II

Trouble Spots
Conflicts in Africa are sources not only of humanitarian concern. They effect important U.S. security objectives as well as the achievement of international norms of conduct that are vital to America’s moral values. In this section, ‘‘Trouble Spots,’’ we deal with several conflicts that touch on these various interests and the difficulties in addressing them. Zimbabwe is a tragic country. Over the past decade, President Robert Mugabe has steadily destroyed the commercial farming economy of the country, stripped away the protection of law by undermining and intimidating the judiciary, closed down much of the independent press, rigged elections, and ruthlessly crushed opposition. The result is a country nearly in ‘‘free fall.’’ Inflation exceeds 2,000 percent, unemployment in some estimates is as high as 80 percent, millions of Zimbabweans have fled the country, and those remaining rely heavily on the support of international humanitarian agencies and the remittances of their relatives abroad. Yet somehow, neither the surrounding states, the African Union, nor the international community as a whole has been able to alter these developments. In his article on ‘‘The Limits of Influence,’’ Princeton N. Lyman explains how such happenings in a country cannot only go on without being stopped, but also how the international community is perforce an enabler in Mugabe’s continuing authoritarian rule. Only Mugabe’s recent excesses of brutality, and uneasiness within his own party, may portend an end to this situation. [85]
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Trouble Spots Darfur, the western region of Sudan, has on the other hand captured the world’s attention. With at least 200,000 people dead, 2.5 million displaced, and continuing harassment and violence against the survivors, Darfur has challenged the world’s commitment of ‘‘never again,’’ i.e., to prevent genocide such as happened in World War II and again in Rwanda in 1984. In this situation, unlike Zimbabwe, the United States and the United Nations have been actively involved, seeking to end the conflict that began in 2003, to bring an international peace force into the region to protect the displaced, and to punish those accused of the most egregious offenses. The Africa Union has been similarly engaged, providing the only peacekeepers in the region so far, but at levels and equipment woefully below what is needed. For all these efforts, the situation remains nearly as bad today as it has been for the past four years. Lee Feinstein has put this conflict into the context of the commitment, made at the UN’s Millennium summit, that it is the responsibility of the international community to protect those in any nation whose government cannot or will not protect them from widespread violations of their human rights and threats to their very survival. Feinstein demonstrates the difficulties that face nations and institutions in carrying out this commitment in Darfur and provides clear and practical recommendations not only for the immediate crisis in Darfur but for similar situations in the future. Eben Kaplan’s article traces the development of the terrorist infiltration in Somalia, and the complexities of how to address it. For fourteen years, the conditions within Somalia simmered below the surface of American attention. Burned by the debacle of U.S military intervention in 1992–93, when eighteen U.S. servicemen were killed and some dragged through the streets of Mogadishu, the United States largely stayed out of the many subsequent but largely ineffective efforts by neighboring African states to bring some kind of order and centralized government to the country. America’s interest, especially after 9/11, focused almost exclusively on trying to capture alleged terrorists who had taken refuge there. But in 2006, America’s interests were seriously challenged when an Islamic movement, similar in its initial strategy to the Taliban [86]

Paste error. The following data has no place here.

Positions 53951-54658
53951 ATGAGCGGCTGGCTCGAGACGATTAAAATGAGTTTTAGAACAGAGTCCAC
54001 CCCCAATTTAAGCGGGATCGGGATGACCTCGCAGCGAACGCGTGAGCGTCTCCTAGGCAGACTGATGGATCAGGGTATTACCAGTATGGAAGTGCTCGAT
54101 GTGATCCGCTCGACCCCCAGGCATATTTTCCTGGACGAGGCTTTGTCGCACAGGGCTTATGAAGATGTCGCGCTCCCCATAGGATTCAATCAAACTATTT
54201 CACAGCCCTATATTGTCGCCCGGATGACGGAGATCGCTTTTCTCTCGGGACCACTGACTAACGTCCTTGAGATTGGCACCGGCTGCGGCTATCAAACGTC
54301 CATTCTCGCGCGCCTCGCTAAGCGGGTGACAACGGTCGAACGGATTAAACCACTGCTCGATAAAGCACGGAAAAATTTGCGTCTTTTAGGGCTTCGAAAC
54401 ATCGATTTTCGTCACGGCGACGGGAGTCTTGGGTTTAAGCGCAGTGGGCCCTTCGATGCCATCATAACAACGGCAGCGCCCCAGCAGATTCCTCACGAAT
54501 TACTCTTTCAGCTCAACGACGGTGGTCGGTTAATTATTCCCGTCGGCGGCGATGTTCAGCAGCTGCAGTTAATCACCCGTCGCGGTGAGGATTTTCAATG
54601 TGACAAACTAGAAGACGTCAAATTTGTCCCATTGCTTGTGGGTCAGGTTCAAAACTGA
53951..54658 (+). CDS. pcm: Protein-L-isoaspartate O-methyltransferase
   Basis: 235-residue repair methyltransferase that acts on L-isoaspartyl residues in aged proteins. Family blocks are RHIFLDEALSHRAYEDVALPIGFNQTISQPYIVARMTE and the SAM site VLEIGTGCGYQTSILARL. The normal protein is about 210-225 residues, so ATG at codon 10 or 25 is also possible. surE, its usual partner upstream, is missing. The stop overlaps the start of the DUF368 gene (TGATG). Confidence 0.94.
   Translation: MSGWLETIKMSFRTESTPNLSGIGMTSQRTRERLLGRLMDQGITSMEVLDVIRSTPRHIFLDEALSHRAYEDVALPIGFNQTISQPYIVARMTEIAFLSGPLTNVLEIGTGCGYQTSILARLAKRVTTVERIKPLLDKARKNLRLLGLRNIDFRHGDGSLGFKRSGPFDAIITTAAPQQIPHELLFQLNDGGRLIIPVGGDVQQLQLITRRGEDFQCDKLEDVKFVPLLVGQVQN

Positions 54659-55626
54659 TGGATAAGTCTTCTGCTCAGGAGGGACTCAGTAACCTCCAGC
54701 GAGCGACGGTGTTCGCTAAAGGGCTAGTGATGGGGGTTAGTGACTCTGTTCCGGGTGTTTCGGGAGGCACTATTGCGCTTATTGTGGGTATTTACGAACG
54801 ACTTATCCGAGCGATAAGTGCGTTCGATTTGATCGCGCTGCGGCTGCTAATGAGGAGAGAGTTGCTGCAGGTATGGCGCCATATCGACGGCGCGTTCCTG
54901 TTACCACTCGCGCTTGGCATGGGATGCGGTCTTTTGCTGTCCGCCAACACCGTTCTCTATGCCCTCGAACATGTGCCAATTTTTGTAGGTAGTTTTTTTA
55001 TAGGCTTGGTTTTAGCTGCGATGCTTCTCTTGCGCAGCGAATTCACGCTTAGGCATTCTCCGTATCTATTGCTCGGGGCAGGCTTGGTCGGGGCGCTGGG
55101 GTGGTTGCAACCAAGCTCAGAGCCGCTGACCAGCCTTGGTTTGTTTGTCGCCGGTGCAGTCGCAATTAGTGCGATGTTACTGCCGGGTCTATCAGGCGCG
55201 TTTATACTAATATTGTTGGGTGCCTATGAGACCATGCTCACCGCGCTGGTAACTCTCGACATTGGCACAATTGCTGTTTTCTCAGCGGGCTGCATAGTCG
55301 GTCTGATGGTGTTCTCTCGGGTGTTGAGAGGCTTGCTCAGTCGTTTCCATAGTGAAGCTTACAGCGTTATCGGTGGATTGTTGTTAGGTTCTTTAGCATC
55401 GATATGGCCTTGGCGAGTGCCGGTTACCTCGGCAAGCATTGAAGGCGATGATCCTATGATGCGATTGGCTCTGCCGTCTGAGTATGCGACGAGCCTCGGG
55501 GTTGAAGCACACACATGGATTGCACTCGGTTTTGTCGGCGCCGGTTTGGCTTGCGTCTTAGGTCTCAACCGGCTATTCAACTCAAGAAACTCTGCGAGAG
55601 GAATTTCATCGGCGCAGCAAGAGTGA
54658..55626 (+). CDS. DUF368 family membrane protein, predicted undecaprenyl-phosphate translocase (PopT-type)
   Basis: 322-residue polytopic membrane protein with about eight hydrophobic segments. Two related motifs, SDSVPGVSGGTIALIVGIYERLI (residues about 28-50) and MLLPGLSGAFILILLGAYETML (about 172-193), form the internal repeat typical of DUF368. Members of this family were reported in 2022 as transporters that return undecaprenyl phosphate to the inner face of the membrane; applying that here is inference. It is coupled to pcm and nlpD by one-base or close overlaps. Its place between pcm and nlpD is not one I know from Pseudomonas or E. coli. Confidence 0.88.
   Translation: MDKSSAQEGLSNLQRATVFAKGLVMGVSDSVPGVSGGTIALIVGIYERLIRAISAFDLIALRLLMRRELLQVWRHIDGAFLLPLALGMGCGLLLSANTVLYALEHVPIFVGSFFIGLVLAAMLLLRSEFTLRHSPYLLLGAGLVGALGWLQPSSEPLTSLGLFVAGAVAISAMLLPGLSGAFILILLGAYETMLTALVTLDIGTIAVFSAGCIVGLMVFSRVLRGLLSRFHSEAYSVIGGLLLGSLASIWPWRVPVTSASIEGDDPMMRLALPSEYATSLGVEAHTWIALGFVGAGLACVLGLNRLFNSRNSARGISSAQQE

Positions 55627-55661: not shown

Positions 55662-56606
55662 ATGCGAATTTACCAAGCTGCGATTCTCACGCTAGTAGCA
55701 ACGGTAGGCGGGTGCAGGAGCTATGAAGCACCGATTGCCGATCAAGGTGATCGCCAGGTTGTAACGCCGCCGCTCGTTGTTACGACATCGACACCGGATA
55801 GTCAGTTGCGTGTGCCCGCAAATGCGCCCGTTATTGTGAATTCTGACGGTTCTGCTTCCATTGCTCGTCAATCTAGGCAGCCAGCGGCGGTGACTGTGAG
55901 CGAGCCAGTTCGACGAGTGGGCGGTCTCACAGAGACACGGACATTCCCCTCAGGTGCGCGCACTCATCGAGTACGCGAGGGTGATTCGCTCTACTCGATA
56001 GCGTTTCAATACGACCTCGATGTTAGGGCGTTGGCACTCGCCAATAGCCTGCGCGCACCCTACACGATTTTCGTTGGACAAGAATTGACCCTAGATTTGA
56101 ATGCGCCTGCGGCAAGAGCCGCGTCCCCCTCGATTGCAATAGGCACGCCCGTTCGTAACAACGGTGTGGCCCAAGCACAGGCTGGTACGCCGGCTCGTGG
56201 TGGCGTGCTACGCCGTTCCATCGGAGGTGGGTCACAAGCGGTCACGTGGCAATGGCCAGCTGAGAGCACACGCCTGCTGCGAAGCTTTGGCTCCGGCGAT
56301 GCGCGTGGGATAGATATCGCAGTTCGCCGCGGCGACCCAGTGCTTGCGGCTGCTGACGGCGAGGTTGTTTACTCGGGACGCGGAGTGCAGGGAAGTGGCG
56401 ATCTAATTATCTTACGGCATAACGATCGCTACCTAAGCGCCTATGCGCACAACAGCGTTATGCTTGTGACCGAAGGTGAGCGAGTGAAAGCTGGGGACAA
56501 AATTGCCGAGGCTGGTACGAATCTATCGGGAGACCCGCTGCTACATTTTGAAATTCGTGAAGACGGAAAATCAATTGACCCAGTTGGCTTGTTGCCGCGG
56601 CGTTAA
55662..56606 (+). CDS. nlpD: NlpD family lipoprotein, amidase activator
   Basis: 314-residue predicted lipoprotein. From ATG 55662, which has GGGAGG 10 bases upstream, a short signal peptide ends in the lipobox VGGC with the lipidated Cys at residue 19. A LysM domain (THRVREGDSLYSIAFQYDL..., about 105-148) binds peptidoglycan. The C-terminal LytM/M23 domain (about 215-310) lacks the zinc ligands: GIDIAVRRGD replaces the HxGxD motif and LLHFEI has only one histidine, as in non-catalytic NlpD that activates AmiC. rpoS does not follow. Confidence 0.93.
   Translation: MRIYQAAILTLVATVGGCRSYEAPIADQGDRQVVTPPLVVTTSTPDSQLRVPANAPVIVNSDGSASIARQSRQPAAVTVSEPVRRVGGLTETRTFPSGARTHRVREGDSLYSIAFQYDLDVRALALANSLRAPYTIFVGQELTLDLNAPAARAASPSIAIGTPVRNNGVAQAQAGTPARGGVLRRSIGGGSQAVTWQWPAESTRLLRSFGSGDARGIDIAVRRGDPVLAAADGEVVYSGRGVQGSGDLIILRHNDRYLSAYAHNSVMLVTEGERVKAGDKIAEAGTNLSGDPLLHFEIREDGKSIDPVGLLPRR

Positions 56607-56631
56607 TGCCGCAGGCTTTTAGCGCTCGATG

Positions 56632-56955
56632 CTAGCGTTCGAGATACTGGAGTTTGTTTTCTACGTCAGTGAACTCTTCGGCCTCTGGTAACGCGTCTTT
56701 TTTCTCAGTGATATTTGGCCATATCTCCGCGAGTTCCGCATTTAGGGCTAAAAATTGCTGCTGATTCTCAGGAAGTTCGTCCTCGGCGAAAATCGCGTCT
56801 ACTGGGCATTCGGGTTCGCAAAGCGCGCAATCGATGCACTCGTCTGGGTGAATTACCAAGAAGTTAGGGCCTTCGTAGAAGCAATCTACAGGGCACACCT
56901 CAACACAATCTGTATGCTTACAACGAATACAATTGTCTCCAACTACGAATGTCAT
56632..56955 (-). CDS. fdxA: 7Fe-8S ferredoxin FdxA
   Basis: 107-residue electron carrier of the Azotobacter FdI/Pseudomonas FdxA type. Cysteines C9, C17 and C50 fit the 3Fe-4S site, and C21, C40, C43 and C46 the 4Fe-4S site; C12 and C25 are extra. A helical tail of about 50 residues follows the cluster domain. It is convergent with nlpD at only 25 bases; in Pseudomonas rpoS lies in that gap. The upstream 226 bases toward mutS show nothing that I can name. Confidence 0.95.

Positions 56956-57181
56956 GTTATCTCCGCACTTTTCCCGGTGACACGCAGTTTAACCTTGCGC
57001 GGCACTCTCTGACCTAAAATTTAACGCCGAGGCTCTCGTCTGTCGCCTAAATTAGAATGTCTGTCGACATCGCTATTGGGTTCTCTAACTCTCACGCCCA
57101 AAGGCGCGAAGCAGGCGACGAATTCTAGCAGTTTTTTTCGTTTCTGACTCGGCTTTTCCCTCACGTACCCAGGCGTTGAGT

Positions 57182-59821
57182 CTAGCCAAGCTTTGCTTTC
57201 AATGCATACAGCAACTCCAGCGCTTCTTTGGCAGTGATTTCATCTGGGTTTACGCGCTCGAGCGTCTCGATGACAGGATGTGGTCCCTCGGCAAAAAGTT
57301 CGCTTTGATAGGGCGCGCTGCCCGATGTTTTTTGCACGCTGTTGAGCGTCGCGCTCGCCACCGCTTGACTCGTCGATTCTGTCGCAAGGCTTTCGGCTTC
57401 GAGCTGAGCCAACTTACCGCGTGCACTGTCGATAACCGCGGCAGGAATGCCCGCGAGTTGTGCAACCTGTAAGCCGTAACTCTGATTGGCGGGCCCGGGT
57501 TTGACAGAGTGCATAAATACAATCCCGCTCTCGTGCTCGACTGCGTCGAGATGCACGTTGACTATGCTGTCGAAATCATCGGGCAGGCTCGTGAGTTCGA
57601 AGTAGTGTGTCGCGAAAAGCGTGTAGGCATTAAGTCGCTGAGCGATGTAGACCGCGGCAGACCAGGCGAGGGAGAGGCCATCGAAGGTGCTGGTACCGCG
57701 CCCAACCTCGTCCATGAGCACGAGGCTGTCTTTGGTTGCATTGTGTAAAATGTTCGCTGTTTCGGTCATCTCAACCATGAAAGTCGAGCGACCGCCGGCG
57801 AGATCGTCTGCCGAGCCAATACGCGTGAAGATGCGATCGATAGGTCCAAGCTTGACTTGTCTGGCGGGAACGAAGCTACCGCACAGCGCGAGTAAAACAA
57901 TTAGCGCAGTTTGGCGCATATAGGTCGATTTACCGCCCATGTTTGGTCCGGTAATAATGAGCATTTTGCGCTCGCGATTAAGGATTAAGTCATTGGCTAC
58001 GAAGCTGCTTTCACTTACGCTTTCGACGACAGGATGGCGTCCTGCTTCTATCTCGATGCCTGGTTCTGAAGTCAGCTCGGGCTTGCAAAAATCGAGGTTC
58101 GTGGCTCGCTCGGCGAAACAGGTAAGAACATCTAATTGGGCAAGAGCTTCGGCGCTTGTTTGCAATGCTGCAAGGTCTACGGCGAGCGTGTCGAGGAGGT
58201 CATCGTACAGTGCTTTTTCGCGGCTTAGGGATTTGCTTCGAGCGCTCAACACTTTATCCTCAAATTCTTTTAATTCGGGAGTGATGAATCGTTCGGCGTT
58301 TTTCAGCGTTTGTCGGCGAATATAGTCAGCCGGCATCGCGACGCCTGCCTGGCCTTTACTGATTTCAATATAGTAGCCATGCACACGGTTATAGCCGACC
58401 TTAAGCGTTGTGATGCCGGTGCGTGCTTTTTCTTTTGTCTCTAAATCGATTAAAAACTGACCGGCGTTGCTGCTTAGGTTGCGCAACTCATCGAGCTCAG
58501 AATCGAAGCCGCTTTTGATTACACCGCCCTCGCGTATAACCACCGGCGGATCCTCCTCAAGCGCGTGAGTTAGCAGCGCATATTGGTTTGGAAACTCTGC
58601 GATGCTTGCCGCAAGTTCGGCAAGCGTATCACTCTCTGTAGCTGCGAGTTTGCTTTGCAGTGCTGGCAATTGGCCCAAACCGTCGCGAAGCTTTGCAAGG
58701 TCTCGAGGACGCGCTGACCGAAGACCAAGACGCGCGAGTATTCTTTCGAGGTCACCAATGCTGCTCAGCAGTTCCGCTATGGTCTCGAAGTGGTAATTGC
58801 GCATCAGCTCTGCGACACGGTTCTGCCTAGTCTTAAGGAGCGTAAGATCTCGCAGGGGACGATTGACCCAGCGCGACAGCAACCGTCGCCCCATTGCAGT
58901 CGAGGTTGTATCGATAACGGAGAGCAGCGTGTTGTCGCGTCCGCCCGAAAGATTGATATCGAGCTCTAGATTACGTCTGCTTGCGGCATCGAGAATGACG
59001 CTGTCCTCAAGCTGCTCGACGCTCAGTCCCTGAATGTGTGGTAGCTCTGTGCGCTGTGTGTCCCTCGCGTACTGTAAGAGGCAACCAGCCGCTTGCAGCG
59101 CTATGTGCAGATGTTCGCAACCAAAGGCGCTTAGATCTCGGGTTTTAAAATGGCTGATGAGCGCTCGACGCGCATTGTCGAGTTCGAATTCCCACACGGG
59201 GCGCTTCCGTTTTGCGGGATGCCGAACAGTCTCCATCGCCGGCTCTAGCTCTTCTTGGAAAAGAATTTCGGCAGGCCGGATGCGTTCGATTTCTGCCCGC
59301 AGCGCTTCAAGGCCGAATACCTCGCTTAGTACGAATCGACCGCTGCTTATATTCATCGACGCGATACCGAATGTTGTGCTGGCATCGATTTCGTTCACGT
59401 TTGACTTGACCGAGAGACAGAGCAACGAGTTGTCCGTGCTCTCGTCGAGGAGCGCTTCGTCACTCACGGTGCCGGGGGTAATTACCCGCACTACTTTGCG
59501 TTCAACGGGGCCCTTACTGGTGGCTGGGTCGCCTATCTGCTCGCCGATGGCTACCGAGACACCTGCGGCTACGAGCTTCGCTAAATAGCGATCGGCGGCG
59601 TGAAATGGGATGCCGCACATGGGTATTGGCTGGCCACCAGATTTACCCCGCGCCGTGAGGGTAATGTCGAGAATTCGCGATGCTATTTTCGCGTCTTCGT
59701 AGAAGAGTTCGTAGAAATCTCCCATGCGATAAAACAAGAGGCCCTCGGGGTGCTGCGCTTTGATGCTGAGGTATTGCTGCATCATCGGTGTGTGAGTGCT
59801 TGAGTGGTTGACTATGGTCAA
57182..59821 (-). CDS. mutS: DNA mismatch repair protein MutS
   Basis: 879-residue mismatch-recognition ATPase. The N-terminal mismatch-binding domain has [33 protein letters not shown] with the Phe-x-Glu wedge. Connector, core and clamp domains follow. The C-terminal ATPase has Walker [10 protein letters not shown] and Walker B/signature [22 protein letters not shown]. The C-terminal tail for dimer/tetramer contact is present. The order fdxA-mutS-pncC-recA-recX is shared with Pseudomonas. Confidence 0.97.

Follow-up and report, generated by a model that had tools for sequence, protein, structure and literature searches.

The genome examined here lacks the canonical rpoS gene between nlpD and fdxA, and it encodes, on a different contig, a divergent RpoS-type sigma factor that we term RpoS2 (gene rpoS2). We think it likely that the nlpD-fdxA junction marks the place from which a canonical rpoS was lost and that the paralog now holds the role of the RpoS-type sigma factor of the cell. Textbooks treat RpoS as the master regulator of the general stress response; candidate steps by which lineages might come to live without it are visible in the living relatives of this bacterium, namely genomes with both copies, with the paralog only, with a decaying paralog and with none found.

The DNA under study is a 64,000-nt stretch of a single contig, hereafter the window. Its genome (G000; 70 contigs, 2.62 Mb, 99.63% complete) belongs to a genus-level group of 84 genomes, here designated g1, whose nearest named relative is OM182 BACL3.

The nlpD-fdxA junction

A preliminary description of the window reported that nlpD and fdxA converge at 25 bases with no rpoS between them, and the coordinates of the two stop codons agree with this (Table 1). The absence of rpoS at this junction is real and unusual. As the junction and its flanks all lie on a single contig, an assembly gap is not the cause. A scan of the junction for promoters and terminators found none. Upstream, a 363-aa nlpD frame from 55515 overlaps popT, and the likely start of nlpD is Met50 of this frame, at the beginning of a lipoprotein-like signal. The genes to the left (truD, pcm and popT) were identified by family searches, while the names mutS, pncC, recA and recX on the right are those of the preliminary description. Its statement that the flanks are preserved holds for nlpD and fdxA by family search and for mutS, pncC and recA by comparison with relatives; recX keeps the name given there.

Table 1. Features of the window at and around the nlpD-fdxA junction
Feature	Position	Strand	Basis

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Trouble Spots in Afghanistan, swept to power in Mogadishu, providing for the first time in decades order, the protection of commerce, and the potential for national government. The movement was, however, also determined to impose a strict Islamic system of laws and culture on the country, and was led by some who were on the U.S. and the UN’s terrorist lists. Ethiopia, whose interests were similarly challenged by this movement, swept the new government out of power in a lightning military attack in December 2006. But the result has been a guerrilla war, pitting insurgents against both the Ethiopian military and the fledging Somalian government it protects. An Africa Union peacekeeping force, barely mobilized, faces similar opposition. Mogadishu has thus once again become the scene of daily fighting, mortars, and casualties. Hundreds of thousands have fled the capital, creating a major humanitarian crisis. The United States faces a more difficult challenge than ever in trying to address the dangers of this failing state. Somalia brings into relief the larger security threats that exist in the Horn of Africa. Professor Terrence Lyons examines these in his report. The Ethiopian-Eritrean conflict, which he addresses, has the potential to spill over into the larger region of the Horn of Africa. Sudan, Somalia, Uganda and Kenya are all drawn into the complexities of the Horn’s conflicts. For the United States, there is the special dilemma of dealing with an Ethiopian regime that is its most valuable ally in the war on terror in this region, but that has stepped back from the promising opening toward democracy of two years ago and that faces internal threats of its own. Not surprisingly, the U.S. Senate has been calling for the Bush administration to develop a comprehensive policy toward the Horn. John Prendergast and Colin Thomas-Jensen offer one approach to developing such a policy.

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